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Myth Busters: Pain During Breastfeeding? You Must Be Doing Something Wrong!

I sat in my bedroom cradling my four-day-old baby. She screamed and cried and rooted and tried to suck her hands. I was crying, too. This was my first breastfed baby and my nipples were in so much pain I couldn’t bear to latch her again.

The lactation consultant had reassured me I was latching her correctly, so I couldn’t understand why I was in so much pain. Through tears I called her again, and got some great advice that allowed me to continue breastfeeding. I ended up with a prescription cream and I pumped for a day or two until I could handle latching her on to my breast again.

Since that time, I have breastfed three other children. While I have not been in that kind of pain again, the first month of breastfeeding is never totally pain free for me. Let’s look at the myth that if you have pain during breastfeeding you must be doing something wrong.

Myth Busters: Pain during breastfeeding? You must be doing something wrong!

Common Causes of Pain During Breastfeeding

Improper Latch

I have heard that breastfeeding is not supposed to cause any pain at all, and if it does your baby is likely not latching properly. If you are experiencing pain, you do want to check your baby’s latch. Even if you have breastfed a few babies, your new little one has never breastfed and will need some help with proper latching.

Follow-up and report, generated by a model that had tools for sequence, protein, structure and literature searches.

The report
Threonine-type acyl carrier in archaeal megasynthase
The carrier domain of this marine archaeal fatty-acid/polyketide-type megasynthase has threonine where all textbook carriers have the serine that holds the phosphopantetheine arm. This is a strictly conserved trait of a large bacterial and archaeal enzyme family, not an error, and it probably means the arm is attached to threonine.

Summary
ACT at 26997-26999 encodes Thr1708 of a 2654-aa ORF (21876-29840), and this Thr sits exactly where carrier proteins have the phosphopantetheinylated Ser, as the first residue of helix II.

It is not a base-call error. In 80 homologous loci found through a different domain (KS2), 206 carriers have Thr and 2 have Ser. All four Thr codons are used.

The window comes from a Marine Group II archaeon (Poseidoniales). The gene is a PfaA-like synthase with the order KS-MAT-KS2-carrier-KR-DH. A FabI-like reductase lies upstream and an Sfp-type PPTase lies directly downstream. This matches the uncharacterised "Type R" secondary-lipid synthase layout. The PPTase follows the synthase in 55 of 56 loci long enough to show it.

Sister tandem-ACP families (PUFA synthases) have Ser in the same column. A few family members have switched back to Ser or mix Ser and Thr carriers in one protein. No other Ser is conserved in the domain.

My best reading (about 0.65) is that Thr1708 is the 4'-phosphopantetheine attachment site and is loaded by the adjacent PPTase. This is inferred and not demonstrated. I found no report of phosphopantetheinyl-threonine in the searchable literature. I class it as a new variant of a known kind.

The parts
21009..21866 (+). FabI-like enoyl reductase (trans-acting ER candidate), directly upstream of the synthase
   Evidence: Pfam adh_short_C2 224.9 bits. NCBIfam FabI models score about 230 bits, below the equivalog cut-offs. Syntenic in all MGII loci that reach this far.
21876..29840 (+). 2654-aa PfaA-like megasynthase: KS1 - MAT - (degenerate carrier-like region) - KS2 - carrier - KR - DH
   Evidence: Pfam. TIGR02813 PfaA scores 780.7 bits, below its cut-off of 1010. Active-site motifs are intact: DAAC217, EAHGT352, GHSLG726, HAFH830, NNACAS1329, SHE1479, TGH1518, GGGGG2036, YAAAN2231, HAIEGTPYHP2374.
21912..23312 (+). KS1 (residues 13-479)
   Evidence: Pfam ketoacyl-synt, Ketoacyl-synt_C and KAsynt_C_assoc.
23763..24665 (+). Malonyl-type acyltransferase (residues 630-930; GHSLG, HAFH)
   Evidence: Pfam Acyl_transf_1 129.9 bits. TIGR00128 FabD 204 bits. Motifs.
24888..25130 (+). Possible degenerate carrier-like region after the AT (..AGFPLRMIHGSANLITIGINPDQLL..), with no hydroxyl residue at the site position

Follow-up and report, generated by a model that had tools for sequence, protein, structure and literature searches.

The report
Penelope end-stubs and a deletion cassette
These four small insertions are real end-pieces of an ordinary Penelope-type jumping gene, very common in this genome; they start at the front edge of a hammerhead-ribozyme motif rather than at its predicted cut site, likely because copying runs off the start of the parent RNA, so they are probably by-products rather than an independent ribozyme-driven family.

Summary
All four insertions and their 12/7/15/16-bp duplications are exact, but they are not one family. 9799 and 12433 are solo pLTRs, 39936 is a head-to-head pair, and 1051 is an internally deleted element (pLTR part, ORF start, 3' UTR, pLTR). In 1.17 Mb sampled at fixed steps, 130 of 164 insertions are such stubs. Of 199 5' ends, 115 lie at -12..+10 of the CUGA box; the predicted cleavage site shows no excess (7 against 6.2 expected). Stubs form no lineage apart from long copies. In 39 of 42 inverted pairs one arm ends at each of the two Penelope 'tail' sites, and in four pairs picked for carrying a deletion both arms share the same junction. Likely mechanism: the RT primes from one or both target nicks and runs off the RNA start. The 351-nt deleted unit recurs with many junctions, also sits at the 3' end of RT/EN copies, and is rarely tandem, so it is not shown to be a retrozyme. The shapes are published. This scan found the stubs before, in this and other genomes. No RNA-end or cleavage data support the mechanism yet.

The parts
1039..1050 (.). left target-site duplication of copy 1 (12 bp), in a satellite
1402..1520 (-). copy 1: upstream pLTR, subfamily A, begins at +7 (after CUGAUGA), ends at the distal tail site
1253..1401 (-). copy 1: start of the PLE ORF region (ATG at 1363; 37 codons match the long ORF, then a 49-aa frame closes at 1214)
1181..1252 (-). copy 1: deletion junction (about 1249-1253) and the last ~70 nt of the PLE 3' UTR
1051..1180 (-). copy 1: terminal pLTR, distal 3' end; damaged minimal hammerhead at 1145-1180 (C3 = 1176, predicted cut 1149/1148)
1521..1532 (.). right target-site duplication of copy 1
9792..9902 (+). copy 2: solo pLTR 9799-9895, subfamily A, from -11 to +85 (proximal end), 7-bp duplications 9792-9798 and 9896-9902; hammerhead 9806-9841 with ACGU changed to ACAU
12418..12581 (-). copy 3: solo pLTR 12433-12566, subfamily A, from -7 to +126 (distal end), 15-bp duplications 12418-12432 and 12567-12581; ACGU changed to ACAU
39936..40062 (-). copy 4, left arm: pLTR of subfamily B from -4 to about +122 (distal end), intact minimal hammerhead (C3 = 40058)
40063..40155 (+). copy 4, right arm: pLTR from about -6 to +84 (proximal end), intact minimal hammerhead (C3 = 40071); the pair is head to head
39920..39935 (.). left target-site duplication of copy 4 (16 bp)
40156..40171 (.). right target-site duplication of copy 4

Sometimes you will still experience some pain during breastfeeding even with proper latching. For me, there is an adjustment period that usually lasts about two weeks. While baby learns to latch, my nipples do usually end up getting a little cracked. Once my nipples get damaged, every latch is painful for about 15 seconds. The pain will lessen every day and is usually totally gone by two weeks postpartum.

Engorged Breasts

Another cause of pain during breastfeeding, especially during the first week, is engorgement. Every time my milk comes in my breasts get engorged, and it can be quite painful. The engorgement lasts about two days for me, but when it’s there and combined with sore nipples, breastfeeding becomes difficult. Softening the breast by expressing some milk before nursing can make latching easier for baby.

Plugged Ducts

Plugged ducts can also cause pain during breastfeeding in that first month. I’m actually dealing with plugged ducts in my armpits. Plugged ducts are commonly caused by ill-fitting, tight bras or improper drainage of the breast. Heat and massage, while continuing to nurse on the affected breast, are the best ways to combat plugged ducts.

The first month of breastfeeding can be very challenging, and I think that some pain especially during those first few weeks is to be expected for some mothers. If you find that the pain is not slowly improving over the course of the first two weeks postpartum, you may need to look for other causes of your pain. Remember, check your baby’s latch, and know that the pain won’t last forever. I have found that by the six-week mark breastfeeding becomes so much easier!


Joanie Boeckman is an Army Reserve wife and homeschooling mama to three (soon to be four!) beautiful children. She is passionate about living a simpler life, attachment parenting, homemaking, and homeschooling. You can find her blogging at Simple Living Mama where her mission is to empower women in their roles as homemakers, mothers, and homeschool teachers.

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